‘Tis the season of giving
While the holiday season is probably the most beautiful time of year, this is also the time when people are most generous. There are so many good causes and agencies seeking funds at this time of year to make sure the needy in the area have food and the children receive gifts. The Salvation Army bell ringers are at all the malls and street corners and each day the mail brings a series of requests for contributions. In my opinion, most of these are worthwhile projects and deserve support.
Local service clubs certainly do a lot. For example, the Kiwanis Club set up Christmas trees at Ronald McDonald House and the Rotary Club will conduct its annual auction to aid Vaughn-Trent Community Services, Inc. Yes, there will be many opportunities to aid the less fortunate in our area.
In addition to giving to the church, I have two favorite charities that I help annually. The first is Vaughn-Trent, which has a long record of serving the needy in USD 204. Vaughn-Trent is a charity that depends on the generosity of area residents. The agency started as the Marion Vaughn Christmas Fund and as the community needs grew, it expanded. Two-and-a-half decades ago it became Vaughn-Trent Community services, honoring former Bonner Springs Mayor and Chieftain Publisher Marion Vaughn and longtime Edwardsville mayor, the late Lindy Trent. The name symbolizes the cooperation between the two cities.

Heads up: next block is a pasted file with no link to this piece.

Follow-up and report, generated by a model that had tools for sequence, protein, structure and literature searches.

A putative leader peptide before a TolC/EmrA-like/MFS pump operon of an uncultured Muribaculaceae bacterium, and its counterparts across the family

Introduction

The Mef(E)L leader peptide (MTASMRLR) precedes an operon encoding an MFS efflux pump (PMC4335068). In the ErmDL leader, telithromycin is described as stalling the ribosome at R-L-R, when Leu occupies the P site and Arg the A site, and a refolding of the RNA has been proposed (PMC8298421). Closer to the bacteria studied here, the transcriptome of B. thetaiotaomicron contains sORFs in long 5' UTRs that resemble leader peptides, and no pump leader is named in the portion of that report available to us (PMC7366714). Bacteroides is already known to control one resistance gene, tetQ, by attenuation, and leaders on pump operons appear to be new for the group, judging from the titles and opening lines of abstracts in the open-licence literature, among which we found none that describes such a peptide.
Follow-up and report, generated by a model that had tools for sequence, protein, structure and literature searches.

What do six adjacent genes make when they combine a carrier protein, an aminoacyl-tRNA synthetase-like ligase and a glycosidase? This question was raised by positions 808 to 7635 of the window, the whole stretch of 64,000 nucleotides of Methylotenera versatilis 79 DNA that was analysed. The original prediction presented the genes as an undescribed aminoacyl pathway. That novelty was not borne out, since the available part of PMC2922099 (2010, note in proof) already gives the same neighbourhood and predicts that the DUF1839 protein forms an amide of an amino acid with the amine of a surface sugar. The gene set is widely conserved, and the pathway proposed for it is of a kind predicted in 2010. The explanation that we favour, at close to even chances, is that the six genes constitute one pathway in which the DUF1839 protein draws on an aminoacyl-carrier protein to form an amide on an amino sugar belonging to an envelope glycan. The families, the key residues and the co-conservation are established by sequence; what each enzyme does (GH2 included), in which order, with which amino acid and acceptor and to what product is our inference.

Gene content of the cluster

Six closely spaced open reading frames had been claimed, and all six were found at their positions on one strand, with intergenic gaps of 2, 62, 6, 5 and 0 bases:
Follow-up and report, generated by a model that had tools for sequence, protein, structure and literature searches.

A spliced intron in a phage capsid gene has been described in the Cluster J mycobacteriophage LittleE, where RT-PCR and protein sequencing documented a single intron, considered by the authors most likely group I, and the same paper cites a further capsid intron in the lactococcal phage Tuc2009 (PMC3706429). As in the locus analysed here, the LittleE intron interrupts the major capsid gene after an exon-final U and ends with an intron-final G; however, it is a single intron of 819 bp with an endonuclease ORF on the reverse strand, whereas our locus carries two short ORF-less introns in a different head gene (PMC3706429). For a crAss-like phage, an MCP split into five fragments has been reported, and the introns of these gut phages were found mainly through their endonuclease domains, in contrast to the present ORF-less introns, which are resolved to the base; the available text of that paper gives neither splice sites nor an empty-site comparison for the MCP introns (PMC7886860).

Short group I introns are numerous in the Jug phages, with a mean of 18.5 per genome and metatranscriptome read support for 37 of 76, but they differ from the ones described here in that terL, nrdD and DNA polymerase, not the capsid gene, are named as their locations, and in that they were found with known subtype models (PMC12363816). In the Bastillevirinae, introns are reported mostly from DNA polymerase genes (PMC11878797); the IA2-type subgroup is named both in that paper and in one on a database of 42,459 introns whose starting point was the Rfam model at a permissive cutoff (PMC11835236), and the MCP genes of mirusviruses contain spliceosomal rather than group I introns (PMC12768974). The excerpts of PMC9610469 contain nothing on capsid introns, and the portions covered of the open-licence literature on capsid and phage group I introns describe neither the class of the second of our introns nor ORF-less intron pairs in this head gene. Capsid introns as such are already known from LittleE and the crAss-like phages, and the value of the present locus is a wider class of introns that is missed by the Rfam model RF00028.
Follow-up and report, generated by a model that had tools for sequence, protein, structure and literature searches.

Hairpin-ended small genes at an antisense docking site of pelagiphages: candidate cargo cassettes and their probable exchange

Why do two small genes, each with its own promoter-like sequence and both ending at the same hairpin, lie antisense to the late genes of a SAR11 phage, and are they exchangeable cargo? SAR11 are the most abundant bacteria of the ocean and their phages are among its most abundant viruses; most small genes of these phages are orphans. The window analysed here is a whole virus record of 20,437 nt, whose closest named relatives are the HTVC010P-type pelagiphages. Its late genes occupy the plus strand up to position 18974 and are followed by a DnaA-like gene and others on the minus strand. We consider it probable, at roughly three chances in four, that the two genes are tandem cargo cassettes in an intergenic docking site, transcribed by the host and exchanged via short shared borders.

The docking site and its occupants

The agency is best known for the Christmas basket program. Next week, the basement of the First Christian Church converts into an assembly line as volunteers ranging from young grade school students to seniors assemble up to 250 or more baskets to deliver to qualifying families in the two communities on Dec. 15. If you haven’t ever viewed the project, it is certainly worth a stop. It is truly one of the outstanding projects in our area.
Vaughn-Trent is conducting its food drive for the Christmas baskets now, so please give generously. The organization will be collecting items during the Christmas parade and lighting ceremony on Dec. 5, as well as at local stores and schools.
The holiday project is just one of many for Vaughn-Trent. The organization provides utility assistance, transient aid and a year-round food pantry. In fact, food for the pantry is needed all year. Vaughn-Trent also has back-to-school items. The agency does not receive federal funding but does receive money for utility assistance from the United Way.
Which brings me to my other favorite charity: The United Way of Wyandotte County. As is the case everywhere, the needs are growing and funds are hard to find. Even with tough times, United Way has raised more than $2 million this year and the drive is ongoing. Yes, Wyandotte County has its own United Way and did not merge with Kansas City, Mo. The reason was simple — we want to be better able to serve the needs of Wyandotte County. We live and work here and can best determine areas that need help.
I doubt there are many residents who have not been touched by a United Way agency. Overall, 35 agencies are served by United Way. These range from character-building organizations to social services. These include Bethel Neighborhood Center, Catholic Charities, Salvation Army and Red Cross, among many others.
I like the United Way mission statement: “To increase the community’s understanding of human needs and to mobilize resources to meet those needs.”
Yes, there are many fine charities that you can support with your holiday giving, but I urge you to remember Vaughn-Trent and the United Way. They are on the frontline in the war against local poverty and need.
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